If you aren’t planning on reading the book, do take a few minutes to read Paul’s article from the New York Times “where can i buy priligy in uk“.

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This was my first week back at work after a 10-month maternity leave. As much as I missed my little guy, – wow – it felt grand to put on some corporate attire and spend the day using my brain for non-baby related subjects.

As I sat through a full day of catch up meetings, the realization dawned on me “I am replaceable – utterly and completely replaceable.” With all the new activities in the works and existing projects that had moved forward, it was clear that I, personally, am not an essential cog in the machine. Yes – my particular mix of skill sets and personality and approach to work is unique, but that doesn’t make me irreplaceable.

And in fact, with someone else’s unique bag of attributes, there are pieces that would be achieved even better, than with my skill set.

Did this make me feel threatened? At one point it undoubtedly would have. But right now, it is an exceptionally freeing thought. First, that I am fortunate to be surrounded by a such a strong group of capable and committed people, and secondly, that should I decide that both motherhood and demanding career are not for me, I can let my current job go guilt free. Because, while I am certain that I am replaceable in the role I play for my organization, I am even more certain that I am utterly irreplaceable in the role I play for my son.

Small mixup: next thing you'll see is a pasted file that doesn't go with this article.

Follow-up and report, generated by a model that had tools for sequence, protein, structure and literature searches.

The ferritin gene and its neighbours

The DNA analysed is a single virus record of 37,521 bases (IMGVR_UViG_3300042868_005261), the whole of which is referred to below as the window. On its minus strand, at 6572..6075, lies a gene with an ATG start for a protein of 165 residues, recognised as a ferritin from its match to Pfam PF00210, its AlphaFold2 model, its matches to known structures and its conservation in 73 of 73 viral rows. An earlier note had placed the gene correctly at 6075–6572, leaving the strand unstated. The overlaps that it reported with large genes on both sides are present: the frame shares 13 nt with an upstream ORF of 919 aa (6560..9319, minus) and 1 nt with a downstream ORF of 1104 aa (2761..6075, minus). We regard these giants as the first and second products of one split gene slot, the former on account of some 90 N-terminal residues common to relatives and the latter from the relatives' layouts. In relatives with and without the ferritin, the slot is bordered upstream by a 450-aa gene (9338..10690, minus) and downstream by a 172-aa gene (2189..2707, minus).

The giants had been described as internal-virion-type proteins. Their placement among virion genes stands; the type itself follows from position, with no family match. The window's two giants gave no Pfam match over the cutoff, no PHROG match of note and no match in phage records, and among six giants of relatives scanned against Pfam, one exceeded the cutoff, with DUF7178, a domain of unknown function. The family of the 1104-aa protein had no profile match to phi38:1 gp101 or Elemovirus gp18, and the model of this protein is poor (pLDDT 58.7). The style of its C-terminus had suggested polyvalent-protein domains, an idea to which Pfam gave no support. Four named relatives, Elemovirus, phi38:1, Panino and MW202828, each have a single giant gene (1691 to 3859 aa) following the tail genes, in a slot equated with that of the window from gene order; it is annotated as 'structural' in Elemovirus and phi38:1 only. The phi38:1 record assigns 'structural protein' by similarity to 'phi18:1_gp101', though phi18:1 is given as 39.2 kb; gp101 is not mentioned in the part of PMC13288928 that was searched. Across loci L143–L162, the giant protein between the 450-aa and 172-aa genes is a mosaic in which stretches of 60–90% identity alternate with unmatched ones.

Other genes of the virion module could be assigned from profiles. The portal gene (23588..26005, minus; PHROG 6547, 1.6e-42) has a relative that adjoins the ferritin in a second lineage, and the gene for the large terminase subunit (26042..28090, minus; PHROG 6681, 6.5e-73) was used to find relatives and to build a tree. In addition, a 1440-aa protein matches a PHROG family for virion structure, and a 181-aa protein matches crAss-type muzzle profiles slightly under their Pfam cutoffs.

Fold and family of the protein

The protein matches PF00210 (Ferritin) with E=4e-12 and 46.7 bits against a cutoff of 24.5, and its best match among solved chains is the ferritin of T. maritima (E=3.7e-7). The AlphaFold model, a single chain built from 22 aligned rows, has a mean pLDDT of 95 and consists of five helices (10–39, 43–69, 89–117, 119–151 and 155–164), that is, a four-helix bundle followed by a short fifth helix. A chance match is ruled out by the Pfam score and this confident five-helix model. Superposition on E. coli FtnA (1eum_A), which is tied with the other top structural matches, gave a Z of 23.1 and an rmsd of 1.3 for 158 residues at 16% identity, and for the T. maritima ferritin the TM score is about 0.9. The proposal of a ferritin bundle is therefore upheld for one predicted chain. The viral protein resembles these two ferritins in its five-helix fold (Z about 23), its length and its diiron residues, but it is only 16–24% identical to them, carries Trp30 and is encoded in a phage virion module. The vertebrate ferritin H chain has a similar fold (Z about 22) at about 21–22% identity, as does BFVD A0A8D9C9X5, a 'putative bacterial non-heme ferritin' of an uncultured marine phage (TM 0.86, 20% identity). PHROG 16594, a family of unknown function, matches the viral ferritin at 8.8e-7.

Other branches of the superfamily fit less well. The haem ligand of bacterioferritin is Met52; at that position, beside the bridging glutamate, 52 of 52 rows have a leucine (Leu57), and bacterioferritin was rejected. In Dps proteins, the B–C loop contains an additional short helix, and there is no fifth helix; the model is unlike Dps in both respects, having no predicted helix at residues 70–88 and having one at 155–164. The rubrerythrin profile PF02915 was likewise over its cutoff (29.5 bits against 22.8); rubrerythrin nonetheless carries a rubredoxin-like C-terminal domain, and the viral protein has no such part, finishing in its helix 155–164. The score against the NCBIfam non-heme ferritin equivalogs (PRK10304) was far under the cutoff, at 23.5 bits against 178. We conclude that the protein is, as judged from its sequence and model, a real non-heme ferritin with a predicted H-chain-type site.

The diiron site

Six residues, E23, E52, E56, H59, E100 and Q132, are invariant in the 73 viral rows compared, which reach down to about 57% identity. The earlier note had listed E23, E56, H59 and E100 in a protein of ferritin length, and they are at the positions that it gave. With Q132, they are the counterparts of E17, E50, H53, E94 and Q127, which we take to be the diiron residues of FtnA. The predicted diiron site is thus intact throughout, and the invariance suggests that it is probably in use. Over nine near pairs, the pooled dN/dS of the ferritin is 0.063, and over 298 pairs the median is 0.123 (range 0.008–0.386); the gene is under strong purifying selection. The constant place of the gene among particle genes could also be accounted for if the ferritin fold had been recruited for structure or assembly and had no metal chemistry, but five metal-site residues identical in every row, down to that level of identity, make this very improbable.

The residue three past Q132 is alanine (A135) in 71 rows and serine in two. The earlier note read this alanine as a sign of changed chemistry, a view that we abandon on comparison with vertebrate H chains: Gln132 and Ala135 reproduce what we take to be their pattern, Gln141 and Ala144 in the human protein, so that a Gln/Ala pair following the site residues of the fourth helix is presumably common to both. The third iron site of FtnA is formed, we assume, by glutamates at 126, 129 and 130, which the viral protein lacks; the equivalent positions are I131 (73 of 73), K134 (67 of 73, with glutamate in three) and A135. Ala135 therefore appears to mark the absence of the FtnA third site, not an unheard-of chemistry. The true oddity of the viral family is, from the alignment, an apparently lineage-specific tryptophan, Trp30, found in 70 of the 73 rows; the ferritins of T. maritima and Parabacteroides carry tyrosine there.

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‘What keeps me going is goals.” – Muhammad Ali

What is it that you want to achieve, become or be known for before you die?

About once every few years I go through the process of writing a new life list for myself. I find it helps me to reevaluate what I want from life and where I am in achieving it.

The big question I aim to answer is “When I die, what will I have achieved, become or be known for that will signify I lived my life successfully?”